Legislative Wake-up Forum

Letter writer Steve Corbin believes that questions will be helpful for finding answers during Iowa's 2020 legislative session.

Socrates (469-399 B.C.), the founding father of Western philosophy, believed only through the process of continual questioning could a person discover truth. According to Socrates, questions are the answer. With Iowa’s legislature starting Jan. 13, there are a multitude of questions Gov. Reynolds and legislators need to answer and act upon in 2020.

For example, on Nov. 2, 2010, 63 percent of Iowans voted to add an amendment to Iowa’s constitution to protect natural resources and outdoor recreation. Why have our representatives blatantly ignored the will of the people while Iowa’s woefully toxic soil and water is before their very eyes (and nose)? Doesn’t it make sense to enact 3/8th of a penny sales tax — which would generate $190 million per year — to clean up Iowa?

Why are legislators satisfied with Iowa being ranked the 33rd state for high-speed broadband accessibility? Don’t they know with 100 percent broadband access, Iowa would become a magnet state for business growth and citizen prosperity?

Since Iowa: 1) has the third highest racial disparities of whites and blacks in incarceration in America, 2) has Hispanic incarceration within the top 25 worst in the country and 3) is the only state that does not restore the right to vote for convicted felons while knowing Iowa’s Supreme Court approved mass re-enfranchisement (Oct. 31, 2005), why haven’t our elected representatives enacted criminal justice reform and abolished felon disenfranchisement?

Why haven’t legislators embraced universal childhood education when research reveals 90 percent of brain development happens before a child is five years old and Iowa ranks 37th in state spending on preschool?  If we don’t act now, aren’t we shortchanging Iowa’s future skilled workforce?

Since 71 of Iowa’s 99 counties and over 700 of Iowa’s 947 incorporated cities have lost population in the past decade, about one in five rural healthcare centers are in danger of closing, and research is replete with Iowa’s current rural financial hardship, which was caused by President Trump siding with big oil companies over biofuels and his not-well-thought-out contentious trade war, shouldn’t revitalizing rural Iowa be a legislative priority?

Why are legislators ignoring a gender equal-pay-for-equal-work public policy when we know women in Iowa are paid 77 cents for every dollar paid to a man, and Iowa has the nation’s 17th largest gap between what gender workers earn?  Is equity a virtue or not to our female governor and legislators?

Why are our delegates to the Capitol holding onto Iowa’s 2016 dictated privatized Medicaid program and refusing to acknowledge we have a healthcare crisis if we know 600,000 Iowans have been denied health care, Iowans with disabilities aren’t getting the care they need, health care providers are closing or reducing services and the number of uninsured Iowans has doubled from 3.9 to 7.2 percent (one of the highest in USA)?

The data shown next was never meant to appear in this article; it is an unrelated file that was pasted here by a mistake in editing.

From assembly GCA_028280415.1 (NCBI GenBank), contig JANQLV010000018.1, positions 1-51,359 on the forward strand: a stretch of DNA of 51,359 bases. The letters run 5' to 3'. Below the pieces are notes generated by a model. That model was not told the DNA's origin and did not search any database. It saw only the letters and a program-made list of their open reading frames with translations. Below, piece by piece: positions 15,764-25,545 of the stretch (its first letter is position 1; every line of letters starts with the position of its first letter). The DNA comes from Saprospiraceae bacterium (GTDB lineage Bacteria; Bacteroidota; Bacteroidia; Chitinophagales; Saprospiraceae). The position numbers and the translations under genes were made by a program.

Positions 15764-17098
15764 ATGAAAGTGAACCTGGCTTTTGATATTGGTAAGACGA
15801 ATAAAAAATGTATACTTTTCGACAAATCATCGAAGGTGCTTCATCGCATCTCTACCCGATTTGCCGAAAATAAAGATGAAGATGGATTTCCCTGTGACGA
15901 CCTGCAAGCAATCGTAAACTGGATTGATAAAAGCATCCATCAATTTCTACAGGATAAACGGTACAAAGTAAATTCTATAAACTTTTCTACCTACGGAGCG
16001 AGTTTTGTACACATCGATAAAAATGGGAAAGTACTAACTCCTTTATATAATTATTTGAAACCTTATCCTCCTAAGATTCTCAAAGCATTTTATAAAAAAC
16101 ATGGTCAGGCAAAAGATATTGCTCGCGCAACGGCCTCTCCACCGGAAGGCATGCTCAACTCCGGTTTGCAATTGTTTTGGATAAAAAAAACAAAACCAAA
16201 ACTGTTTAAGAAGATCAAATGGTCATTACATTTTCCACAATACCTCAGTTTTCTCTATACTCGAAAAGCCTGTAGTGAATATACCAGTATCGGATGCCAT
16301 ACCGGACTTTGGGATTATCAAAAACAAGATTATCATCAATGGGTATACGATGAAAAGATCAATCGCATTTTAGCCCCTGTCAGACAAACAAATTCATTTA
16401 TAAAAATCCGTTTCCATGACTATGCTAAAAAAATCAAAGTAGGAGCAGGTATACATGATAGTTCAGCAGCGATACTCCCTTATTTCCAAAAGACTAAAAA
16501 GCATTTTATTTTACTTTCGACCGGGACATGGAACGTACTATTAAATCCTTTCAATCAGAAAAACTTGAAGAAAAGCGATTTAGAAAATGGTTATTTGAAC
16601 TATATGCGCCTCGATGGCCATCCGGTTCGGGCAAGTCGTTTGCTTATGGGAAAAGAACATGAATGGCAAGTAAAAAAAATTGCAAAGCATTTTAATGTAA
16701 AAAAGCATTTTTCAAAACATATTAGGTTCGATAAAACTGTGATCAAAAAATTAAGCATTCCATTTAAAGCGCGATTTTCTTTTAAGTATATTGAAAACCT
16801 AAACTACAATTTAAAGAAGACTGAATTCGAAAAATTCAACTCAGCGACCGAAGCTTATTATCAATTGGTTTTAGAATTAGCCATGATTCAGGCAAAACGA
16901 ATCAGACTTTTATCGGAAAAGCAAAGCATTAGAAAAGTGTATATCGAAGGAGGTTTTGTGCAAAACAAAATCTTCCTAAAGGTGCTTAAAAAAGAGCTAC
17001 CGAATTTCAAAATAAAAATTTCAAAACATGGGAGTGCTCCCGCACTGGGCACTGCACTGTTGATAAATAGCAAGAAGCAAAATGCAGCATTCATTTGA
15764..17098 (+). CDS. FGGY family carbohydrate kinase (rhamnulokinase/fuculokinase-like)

Why have legislators only allocated two percent average increase per year in the past decade to Iowa’s K-12 public schools when they know three percent is needed just to cover the cost of inflation?  Are they proud Iowa ranks 30th nationally in spending per student and schools have been forced to increase class size, fire teachers and raise property taxes?

If our elected delegates asked questions over a few other issues, like our skilled workforce shortage, Iowa’s Nutrient Reduction Strategy, community safety and higher education, to name a few, the public policy answer would be revealed. Socrates might ask, why can't Iowa legislators and the governor see the same data and rankings as their constituents and ask themselves what needs to be done to resolve issues in peril? Perplexing, isn’t it? Questions are the answer.

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Letter to the Editor Submission Link

(1) comment

Steve Gregg

There are big racial disparities between whites and blacks being imprisoned because blacks perpetrate far more crime, proportionately. Out here near where I live in New York City, blacks and Hispanics compose 25% of the population yet commit 90% of the violent crime. In Nebraska, a very white state, 90% of the gun homicides are committed in one black neighborhood in north Omaha. More than half of all gun homicides in America are committed by blacks, who compose only 13% of the population. Your claim that more blacks are in prison because of racism is itself racist nonsense. Your racist demagoguery makes America a worse place.

The gap between men and women’s pay is due to the choices that women make. Men take high paying jobs to provide for their families. Women tend to take lower-paying jobs with more flexibility to care for their children’s. When women make the same choices men do, they make the same money, but what woman wants to live like a man? Your demand that women be paid as much as men just because they are women is sexist and wrong. If they want men’s money, they need to work like men.

Your demand for a three percent raise raise for teachers is founded on economic ignorance. The national inflation rate is based on the goods and services the nation buys in a year, like houses, cars, refrigerators, computers, and such. It does not apply to individuals who don’t buy a house, car, refrigerator, and computer every year. Individual people don’t buy big ticket items when the prices are high. They wait to buy it at a discount. The correct inflation rate for individuals is roughly the national rate minus one percent. That’s exactly what teachers are getting.

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